Mechanics liens are construction’s most powerful tool for securing payment. That’s because a filed lien clouds the property owner’s title to the land, and can eventually result in the foreclosure of that property if the dispute is not resolved. In many states, there’s a process that will remove a lien from the property title while also not stepping on the toes of a lien claimant.

That process is called bonding off a lien. When a lien is bonded off, the lien claimant still has the ability to recover from the bond, but the property is no longer burdened by the lien.

But claimant’s should know: There are extra considerations and requirements when a lien is bonded off! Read on for a discussion of how this process works in the state of Florida.

Bonding Off Florida Liens

Under Florida lien law, “any person having an interest in the property upon which a lien has been recorded or a lien foreclosure lawsuit has been filed, may transfer a lien off the property to a cash deposit or surety bond.” Decoded: this simply means owners, lenders, and contractors may bond off Florida liens. The goal of this provision is to ensure payment on construction projects and protect owners from overpaying (or paying twice) any project participant.

This can be achieved by depositing money with the clerk’s office or filing a surety bond with the clerk’s office. Needless to say, it’s more common for a bond to be filed. A lien isn’t bonded off in secret, though. Once the lien is transferred to a bond, the clerk must record a certificate as evidence of the transfer then mail a copy to the lien claimant. Consider this notice a call to action! You still can get paid, but need to take a few extra steps to secure your rights. Unfortunately, when a lien is bonded off, this will include a lawsuit.

What to Do If Your Florida Lien Is Bonded Off

Once a lien is “bonded off”, the clock starts ticking for the claimant. The claimant has one year to file suit against the bond that replaces the lien. If you miss this deadline, you essentially forfeit your rights. That means you will not be able to foreclose on the lien claim, and you won’t be able to pursue the claim against the bond, either.

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Keep in mind, even if you have initiated a lien enforcement lawsuit, the lien may be bonded off! A claimant may have to either amend their lien enforcement action or file a new suit against the bond.

Claimants must keep a close eye on the proceedings because the one-year timeframe begins the moment the lien is transferred to a bond.

Ultimately, a one year period seems reasonable. After all, it’s the same time period to enforce a filed lien! But this foreclosure period can be reduced to as little as 60 (in the event of a Notice of Contest to Lien), or even 20 days (for a Rule to Show Cause filing). We’ll discuss both below.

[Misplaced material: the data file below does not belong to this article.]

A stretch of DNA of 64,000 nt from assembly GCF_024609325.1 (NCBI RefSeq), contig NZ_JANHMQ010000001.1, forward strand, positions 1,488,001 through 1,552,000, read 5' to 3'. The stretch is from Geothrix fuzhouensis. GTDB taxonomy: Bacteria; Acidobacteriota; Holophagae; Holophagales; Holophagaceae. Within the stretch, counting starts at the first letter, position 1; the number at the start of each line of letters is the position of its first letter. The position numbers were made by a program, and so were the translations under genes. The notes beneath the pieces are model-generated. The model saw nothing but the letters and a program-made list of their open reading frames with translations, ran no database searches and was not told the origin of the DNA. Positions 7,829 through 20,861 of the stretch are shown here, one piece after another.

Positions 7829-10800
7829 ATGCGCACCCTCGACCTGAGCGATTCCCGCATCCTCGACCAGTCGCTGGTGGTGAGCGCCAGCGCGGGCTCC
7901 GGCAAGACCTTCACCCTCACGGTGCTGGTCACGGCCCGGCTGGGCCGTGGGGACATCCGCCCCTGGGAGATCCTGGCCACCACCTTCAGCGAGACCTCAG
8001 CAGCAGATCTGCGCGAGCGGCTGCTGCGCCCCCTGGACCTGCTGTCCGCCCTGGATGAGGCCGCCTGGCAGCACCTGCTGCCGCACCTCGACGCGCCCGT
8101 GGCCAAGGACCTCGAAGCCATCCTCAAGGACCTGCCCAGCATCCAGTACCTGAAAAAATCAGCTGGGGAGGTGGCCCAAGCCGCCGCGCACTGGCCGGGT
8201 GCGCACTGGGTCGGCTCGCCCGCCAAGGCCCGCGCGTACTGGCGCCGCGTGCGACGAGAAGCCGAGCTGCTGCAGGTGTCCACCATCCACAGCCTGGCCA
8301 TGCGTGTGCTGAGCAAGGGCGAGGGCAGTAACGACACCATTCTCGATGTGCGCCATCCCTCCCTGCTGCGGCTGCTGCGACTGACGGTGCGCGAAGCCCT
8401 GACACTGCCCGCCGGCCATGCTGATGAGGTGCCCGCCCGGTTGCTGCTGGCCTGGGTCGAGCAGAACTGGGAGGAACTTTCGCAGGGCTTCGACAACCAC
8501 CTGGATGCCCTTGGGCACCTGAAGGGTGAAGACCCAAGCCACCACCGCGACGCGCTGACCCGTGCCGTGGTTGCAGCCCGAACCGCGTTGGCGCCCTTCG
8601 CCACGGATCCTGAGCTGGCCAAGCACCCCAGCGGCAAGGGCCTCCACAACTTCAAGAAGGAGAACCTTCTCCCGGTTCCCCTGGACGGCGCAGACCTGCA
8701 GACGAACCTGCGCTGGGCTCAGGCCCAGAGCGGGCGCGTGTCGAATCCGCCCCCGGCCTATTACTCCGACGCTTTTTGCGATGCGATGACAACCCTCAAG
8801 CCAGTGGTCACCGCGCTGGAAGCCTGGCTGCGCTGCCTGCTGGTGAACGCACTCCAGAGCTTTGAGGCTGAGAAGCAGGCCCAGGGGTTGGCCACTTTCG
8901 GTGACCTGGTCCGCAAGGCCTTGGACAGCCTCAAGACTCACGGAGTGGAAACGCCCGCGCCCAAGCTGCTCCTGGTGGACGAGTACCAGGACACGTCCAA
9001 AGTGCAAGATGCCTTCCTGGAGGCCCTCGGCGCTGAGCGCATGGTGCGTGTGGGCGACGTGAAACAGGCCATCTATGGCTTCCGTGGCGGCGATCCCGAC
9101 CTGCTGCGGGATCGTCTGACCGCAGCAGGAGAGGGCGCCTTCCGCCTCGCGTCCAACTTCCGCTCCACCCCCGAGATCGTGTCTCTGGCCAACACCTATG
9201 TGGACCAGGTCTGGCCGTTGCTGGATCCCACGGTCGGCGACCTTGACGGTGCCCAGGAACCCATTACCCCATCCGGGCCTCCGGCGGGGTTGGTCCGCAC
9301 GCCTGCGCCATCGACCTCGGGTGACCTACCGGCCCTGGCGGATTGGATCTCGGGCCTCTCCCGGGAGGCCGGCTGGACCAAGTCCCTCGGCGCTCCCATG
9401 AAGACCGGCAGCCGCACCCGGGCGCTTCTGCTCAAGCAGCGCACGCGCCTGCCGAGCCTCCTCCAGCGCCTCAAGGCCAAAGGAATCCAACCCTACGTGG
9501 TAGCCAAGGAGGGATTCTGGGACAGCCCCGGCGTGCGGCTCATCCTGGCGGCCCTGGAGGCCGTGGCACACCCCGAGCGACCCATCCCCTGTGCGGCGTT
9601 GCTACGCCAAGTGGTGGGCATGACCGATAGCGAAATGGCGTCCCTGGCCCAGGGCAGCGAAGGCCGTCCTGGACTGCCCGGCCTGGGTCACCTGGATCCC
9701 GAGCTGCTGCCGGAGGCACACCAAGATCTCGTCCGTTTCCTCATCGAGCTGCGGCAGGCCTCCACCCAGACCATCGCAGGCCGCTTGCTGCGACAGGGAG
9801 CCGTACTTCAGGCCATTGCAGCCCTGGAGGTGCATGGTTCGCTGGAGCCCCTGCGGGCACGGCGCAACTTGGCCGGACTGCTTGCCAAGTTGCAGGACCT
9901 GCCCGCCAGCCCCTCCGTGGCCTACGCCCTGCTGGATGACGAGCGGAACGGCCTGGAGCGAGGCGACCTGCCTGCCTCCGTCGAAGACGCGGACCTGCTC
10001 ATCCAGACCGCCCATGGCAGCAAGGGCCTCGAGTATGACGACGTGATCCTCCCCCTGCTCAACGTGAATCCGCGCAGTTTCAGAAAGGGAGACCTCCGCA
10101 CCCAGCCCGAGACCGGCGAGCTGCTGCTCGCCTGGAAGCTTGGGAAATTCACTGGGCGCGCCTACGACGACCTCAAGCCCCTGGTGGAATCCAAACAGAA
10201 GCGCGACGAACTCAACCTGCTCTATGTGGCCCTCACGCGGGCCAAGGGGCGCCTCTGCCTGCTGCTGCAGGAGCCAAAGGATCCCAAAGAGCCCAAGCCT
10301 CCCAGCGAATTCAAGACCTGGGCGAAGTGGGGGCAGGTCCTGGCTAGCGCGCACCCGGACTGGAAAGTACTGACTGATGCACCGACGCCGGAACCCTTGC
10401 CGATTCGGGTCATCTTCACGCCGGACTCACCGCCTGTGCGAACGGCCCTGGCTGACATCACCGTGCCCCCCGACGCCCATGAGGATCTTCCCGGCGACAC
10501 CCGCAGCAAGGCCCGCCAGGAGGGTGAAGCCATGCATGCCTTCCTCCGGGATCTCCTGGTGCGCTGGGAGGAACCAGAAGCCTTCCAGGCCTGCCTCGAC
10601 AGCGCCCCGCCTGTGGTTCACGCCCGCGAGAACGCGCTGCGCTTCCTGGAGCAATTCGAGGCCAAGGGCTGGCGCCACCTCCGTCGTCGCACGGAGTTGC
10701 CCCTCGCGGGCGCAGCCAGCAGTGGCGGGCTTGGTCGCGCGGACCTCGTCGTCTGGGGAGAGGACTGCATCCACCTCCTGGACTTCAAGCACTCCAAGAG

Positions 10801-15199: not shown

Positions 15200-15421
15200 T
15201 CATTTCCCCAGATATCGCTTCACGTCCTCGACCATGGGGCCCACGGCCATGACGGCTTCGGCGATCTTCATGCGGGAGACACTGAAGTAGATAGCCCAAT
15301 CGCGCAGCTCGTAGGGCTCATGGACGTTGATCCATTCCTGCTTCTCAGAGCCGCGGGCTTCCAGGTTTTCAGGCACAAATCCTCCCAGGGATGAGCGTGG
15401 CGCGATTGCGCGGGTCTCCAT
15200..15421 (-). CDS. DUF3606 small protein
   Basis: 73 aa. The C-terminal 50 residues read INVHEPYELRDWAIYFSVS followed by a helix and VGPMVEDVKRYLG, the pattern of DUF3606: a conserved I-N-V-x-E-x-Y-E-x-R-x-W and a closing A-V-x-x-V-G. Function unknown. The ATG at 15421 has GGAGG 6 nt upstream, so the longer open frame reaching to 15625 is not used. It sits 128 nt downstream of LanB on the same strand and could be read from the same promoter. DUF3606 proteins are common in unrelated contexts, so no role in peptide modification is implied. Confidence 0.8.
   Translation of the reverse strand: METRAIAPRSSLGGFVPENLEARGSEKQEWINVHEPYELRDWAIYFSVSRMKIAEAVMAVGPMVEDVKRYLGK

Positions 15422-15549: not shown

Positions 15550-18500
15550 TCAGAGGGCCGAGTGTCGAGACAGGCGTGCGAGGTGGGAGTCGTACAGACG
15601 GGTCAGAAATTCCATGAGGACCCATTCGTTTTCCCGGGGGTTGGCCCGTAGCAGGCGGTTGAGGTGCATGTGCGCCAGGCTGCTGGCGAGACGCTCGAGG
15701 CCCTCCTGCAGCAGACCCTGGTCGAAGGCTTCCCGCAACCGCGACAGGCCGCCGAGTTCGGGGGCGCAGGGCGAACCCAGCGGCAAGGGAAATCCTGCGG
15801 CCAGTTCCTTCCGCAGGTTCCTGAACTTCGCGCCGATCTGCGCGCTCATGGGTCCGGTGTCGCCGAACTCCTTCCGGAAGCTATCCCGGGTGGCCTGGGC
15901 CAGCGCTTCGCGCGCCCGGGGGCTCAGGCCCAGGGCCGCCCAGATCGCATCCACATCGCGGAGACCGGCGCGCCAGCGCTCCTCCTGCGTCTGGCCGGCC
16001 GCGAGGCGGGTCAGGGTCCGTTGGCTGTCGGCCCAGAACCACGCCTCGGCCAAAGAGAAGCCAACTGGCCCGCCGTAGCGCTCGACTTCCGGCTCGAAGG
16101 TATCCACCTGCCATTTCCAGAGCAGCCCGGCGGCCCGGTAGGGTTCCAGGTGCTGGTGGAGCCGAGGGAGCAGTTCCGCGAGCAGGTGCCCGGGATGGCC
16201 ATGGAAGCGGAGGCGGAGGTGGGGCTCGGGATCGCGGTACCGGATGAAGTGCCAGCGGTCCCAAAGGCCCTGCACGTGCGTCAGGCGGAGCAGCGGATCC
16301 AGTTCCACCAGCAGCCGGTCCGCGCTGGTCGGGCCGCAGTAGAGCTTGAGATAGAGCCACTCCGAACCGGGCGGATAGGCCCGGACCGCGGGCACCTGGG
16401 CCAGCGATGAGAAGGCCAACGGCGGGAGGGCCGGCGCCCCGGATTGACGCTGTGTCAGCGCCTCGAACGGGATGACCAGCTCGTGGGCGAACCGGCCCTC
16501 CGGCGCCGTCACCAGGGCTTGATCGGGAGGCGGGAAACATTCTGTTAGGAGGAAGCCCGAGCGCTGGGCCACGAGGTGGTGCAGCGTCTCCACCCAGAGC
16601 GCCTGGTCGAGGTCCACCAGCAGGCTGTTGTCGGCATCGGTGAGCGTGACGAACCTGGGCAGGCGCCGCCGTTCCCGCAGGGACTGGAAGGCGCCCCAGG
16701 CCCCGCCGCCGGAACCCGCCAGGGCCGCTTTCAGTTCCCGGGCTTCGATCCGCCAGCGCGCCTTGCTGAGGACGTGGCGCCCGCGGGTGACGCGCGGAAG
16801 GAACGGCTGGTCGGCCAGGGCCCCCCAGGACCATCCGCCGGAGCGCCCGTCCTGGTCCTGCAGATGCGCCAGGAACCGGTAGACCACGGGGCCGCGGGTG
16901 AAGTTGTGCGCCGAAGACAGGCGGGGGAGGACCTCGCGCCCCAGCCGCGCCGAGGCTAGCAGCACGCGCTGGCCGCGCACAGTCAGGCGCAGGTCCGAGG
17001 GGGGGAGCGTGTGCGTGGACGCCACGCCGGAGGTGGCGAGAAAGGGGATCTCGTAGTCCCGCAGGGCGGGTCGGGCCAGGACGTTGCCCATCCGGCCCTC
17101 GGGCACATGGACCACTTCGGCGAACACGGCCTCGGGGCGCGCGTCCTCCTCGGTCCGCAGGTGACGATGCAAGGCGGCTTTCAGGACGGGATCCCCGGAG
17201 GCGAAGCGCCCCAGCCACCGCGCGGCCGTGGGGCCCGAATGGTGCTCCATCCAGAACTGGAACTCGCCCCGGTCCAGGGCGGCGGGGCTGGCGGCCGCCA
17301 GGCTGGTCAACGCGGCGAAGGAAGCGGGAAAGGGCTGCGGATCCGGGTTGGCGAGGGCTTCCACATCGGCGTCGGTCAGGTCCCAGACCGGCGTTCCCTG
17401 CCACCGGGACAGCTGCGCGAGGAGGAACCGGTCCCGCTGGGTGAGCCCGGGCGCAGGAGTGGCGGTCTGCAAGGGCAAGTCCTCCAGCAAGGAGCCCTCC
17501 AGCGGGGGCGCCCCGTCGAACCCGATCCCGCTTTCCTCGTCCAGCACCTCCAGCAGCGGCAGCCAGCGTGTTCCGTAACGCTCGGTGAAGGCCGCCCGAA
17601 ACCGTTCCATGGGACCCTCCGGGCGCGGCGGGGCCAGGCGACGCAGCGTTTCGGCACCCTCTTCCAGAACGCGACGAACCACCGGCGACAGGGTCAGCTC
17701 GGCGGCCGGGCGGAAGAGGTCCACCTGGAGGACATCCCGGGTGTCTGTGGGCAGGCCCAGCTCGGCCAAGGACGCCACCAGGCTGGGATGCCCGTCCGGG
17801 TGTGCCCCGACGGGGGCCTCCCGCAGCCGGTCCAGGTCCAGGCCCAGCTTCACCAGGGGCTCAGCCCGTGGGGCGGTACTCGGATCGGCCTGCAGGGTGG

Notice of Contest of Lien (common)

At any point during the lifespan of your lien, an owner may elect to shorten the time period by filing a Notice of Contest of Lien. Essentially, this is the owner challenging your lien and requiring the claimant to prove the validity of their claim. When a Notice of Contest of Lien is filed, the foreclosure period on the lien is automatically reduced to 60 days.

Now, you might be thinking: What’s this got to do with bonding off liens? Well, when a lien is bonded off and a Notice of Contest of Lien is also filed – a claimant will have to act fast! When both documents are filed, not only will a lien claimant need to take steps to make their claim against the bond – but they’ll only have 60 days to do it!

Rule to Show Cause (less common)

Although less prevalent, this is another issue that can quickly and severely destroy your lien claim is a Rule to Show Cause filing. An owner may file this complaint in court demanding that the claimant show why their lien should not be vacated and canceled. When filed, the clerk will issue a summons to the claimant. Then, that claimant will be obligated to show cause within 20 days. If the claimant misses this deadline, the court will order for the immediate cancellation of the lien. Of course, this Rule to Show Cause may also be filed in conjunction with a bonded off lien. If that happens, a claimant will really have to snap into action.

Bottom Line

When you find that your lien has been bonded off, don’t panic. The payment claim is still alive, and you can still recover what you’re owed. However, it’s vital that you remember recourse is now against the bond, not the property. It’s even more important to understand your deadlines and how they might be affected. Just be sure that you file a claim against the bond itself and keep track of your deadlines!

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